For Immediate Release, September 7, 2010
Noah Greenwald, Center for Biological Diversity, (503) 484-7495
Pat Munday, Grayling Restoration Alliance, (406) 496-4461
Jon Marvel, Western Watersheds Project, (208) 788-2290
Tim Preso, Earthjustice, (406) 586-9699
Feds Again Delay Long-overdue Protections for Montana Grayling
Helena, Mont.— In response to a lawsuit brought by conservationists, the U.S. Fish and Wildlife Service today determined the Montana grayling, a fish in the salmon family, warrants protection under the Endangered Species Act, but that such protection is again precluded by listing of other species considered a higher priority. The grayling was first identified as possibly in need of protection in 1982 and has declined sharply during this almost 30-year wait.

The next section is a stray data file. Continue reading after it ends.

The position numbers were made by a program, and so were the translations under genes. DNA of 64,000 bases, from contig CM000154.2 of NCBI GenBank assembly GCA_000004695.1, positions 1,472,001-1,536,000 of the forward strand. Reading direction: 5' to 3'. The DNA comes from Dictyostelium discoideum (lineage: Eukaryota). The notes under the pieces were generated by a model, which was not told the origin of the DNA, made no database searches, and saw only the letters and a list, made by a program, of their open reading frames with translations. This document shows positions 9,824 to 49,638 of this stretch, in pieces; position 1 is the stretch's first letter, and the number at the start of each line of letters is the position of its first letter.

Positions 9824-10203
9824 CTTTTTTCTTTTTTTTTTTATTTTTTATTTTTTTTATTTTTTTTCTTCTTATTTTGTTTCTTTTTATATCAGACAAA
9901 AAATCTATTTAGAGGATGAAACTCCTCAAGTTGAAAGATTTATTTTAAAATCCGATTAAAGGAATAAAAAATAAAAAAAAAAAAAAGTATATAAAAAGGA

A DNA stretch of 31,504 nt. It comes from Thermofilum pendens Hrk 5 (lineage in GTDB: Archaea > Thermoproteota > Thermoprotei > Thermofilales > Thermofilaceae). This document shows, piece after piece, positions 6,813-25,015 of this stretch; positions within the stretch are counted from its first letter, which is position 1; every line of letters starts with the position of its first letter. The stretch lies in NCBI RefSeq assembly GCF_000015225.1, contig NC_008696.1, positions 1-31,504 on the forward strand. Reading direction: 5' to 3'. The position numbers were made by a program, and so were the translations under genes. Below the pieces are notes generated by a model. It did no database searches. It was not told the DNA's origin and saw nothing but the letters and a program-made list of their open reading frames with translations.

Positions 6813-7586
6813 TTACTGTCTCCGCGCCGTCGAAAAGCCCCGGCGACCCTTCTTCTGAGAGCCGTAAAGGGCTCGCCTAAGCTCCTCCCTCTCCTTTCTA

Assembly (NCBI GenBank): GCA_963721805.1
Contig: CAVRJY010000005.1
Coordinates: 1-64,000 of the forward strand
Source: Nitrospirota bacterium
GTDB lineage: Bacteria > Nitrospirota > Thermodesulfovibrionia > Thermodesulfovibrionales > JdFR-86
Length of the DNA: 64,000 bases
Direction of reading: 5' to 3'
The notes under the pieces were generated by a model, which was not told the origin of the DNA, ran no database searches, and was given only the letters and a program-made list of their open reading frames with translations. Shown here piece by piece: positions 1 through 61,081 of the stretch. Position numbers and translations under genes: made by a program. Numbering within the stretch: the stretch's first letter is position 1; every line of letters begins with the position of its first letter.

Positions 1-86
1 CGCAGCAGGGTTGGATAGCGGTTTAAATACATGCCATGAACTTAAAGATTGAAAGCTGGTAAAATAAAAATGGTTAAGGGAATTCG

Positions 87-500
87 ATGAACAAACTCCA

“The Montana grayling’s nearly 30-year wait for protection is a travesty,” said Noah Greenwald, endangered species program director at the Center. “Like the previous administration, the Obama administration is failing to provide prompt protection to wildlife that desperately need it and has failed to substantially reform the long-broken program for protecting species under the Endangered Species Act.”